I just received an email from a colleague. Below her email in the signature block were four words that packed the potential to do some serious damage:
“Sent from my iPhone.”
More on that in a moment. First, you must appreciate the position of the email signature. It’s the tagline of communication. The “what do you think of me now?” The lasting impression.
Some of us have signatures that do the job. Others go beyond and perform a bit of marketing magic. And a few of us are hacking away at our credibility with each message we send out. Here are five email signature don’ts that top my list:
1) Sent from my iPhone
Wow, you own an iPhone? I’m so impressed.
Whatever your reason for including this disclaimer, a good share of your audience thinks you’re a mobile snob.
No offense. The phone wars have turned many ordinary people into fiercely loyal brand evangelists. You may be proud of your preferred mobile platform, but many of your recipients have pledged allegiance to the other guys. What if they think you’re a loser for being “one of Them”?
Stupid, right? Totally. Is it worth subjecting yourself to unnecessary judgment? Totally not.
If you feel compelled to include a mobile proviso, I recommend saying, “Sent from my mobile phone.”
Tip: Check your mobile sig even if you didn’t intentionally add the mobile disclaimer. On many devices, it’s included by default.
2) Let’s talk about Jesus
That inspirational nugget of scripture in your email sig proclaims your religious pride. It also makes some of your business contacts feel squeamish as hell.
I once belonged to a business network where a handful of people would pray together before the meeting began. I asked one of them why he chose this venue to engage in the gospel. His response: “Because I owe my company’s success to Jesus.”
Crediting your business success to a deity rather than the person in your network who brought you that sweet referral last week is your choice.
Blasphemous as it may seem, some don’t share your views. Some see using religion in a business context as sacrilege. Is your position on the subject worth alienating a customer or prospect?
PS: Disregard this advice if you work in a religious organization.
PPS: The religion rule applies to politics, professional sports teams and any other personal conviction you don’t share with 100 percent of your audience.
3) “Signing” with cursive/handwriting fonts
Please respect my intelligence. It’s no coincidence that simulated-hand-scribed name at the bottom of your email happens to exactly match the Lucida Handwriting font.
Or Comic Sans. Or Brush Script. Or any other overused, silly looking typeface that doesn’t look anything like a person’s signature.
If that doesn’t convince you to change it to Arial, handwriting fonts have technical shortcomings, too. If I don’t have your particular font on my computer, it will be substituted with one that may look entirely different. In some cases, it will appear as digital gibberish.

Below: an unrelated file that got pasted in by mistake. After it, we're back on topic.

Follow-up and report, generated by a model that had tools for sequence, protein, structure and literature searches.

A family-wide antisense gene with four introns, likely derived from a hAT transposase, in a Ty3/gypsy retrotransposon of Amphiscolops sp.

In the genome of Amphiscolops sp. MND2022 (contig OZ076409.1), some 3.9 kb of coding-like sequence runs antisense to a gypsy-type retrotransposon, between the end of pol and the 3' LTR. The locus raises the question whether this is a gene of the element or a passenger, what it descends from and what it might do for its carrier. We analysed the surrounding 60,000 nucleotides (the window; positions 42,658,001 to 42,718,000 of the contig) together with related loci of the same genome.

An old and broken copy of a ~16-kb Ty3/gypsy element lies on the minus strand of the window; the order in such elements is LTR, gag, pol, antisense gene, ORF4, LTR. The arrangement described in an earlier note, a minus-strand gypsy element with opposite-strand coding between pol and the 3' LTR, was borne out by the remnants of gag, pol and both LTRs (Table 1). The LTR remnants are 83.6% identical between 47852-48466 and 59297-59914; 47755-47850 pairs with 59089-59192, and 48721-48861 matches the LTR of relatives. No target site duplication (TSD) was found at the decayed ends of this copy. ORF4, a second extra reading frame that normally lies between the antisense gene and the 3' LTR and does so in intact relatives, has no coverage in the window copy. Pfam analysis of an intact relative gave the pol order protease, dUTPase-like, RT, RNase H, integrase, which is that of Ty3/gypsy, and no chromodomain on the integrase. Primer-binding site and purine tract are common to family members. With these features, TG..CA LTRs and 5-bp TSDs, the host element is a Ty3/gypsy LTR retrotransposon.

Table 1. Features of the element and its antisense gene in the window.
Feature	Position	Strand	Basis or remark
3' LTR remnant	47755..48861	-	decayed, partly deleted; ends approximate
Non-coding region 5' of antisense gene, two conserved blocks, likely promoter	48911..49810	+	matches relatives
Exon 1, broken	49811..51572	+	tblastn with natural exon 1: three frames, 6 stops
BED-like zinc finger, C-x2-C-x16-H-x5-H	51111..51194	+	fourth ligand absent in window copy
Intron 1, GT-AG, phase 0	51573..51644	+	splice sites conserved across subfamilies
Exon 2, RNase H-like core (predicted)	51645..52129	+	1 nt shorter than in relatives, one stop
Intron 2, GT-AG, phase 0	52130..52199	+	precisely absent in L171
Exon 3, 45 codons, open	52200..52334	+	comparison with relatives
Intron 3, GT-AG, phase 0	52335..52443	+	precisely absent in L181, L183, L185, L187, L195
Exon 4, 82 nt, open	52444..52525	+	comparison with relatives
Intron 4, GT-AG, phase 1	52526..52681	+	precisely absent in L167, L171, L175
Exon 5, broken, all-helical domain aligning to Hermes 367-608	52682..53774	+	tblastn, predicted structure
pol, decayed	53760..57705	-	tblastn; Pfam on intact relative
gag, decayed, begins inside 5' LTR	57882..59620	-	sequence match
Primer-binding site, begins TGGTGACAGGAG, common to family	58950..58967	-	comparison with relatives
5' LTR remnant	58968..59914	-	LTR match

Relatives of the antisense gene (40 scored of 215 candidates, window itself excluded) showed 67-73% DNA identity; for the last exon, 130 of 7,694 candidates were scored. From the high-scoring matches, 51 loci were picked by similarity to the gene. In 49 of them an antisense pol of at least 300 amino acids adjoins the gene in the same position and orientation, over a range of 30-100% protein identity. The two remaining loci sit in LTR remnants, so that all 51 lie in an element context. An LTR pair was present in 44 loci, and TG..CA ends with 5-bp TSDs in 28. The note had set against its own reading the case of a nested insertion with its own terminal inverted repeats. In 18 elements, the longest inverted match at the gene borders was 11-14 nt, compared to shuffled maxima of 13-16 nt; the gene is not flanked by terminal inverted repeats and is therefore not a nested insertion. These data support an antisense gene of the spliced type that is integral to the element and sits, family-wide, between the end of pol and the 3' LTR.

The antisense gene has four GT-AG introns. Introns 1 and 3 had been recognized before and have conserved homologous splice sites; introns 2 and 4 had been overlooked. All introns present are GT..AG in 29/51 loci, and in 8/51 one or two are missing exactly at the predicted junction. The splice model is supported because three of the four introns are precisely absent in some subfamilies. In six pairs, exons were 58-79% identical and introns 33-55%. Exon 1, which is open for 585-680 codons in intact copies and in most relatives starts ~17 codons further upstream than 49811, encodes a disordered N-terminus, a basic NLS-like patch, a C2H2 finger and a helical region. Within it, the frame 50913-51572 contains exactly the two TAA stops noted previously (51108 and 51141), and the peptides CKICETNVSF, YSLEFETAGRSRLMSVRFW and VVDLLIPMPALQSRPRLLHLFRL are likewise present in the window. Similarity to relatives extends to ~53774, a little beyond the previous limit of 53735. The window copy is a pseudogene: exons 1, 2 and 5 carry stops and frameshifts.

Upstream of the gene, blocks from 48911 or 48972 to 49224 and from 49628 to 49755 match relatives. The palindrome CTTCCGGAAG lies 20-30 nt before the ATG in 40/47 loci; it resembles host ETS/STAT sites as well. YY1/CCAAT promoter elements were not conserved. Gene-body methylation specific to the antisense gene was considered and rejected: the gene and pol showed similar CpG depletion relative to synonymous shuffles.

Stick to a simple font to avoid problems.
Pro Tip: That scan of your handwritten signature may not show up at all since many email readers block images. Again, go with a plain typeface.
4) The tacky, prefab sign-off
Does your signature file include “Sincerely” above your name? Let us celebrate the time you save with that stroke of genius.
You may save one second with each email by having Sincerely, Yours truly or Have a great day prefilled. It pales in comparison to the insult you deliver.
Your recipient wants to feel your correspondence is actually sincere. If every email from you says “Thank you” at the bottom, it gets old. Unimaginative. Lazy. “Best regards” isn’t an appropriate closing after you delivered some serious news. “Best regards” also isn’t a natural way to end a message to a close friend.
Of course, sometimes the old standards fit just right. Match them to the recipient, and mix them up to show you care.
Or, eliminate the sign-off altogether. “Looking forward to seeing you Tuesday.” … “Glad to hear we’re moving forward.” … “Best of luck with the presentation.”
Bonus: Never close with, “Thanks.” The reader doesn’t perceive your gratitude nearly as effectively as when you write out, “Thank you.”
5) The MIA signature
With few exceptions, your emails should always culminate with your signature block.
Why make it harder for a person to contact you, or visit your web page, or engage with you via social media – or make a purchase from you?
Sure, your recipient may have it already. So what? Not only can you make his or her life easier at that moment, your signature:
- may trigger a desire to visit your website for the first time
- may be forwarded to a colleague who is in the market for your product
- makes you look professional always instead of sometimes
- ensures you won’t accidentally mistype your phone number or misspell your own name
If that’s not enough, the presence of your signature will never result in your recipient thinking, “Where’s his contact information?”
Exception: I did say, “with few exceptions.” If you’re conversing back and forth with a familiar contact and your e-sig appears once or more down below in the message thread, use your discretion to decide if it seems like overkill.
Did I miss any of your favorite signature killers? Do tell – in the comments section.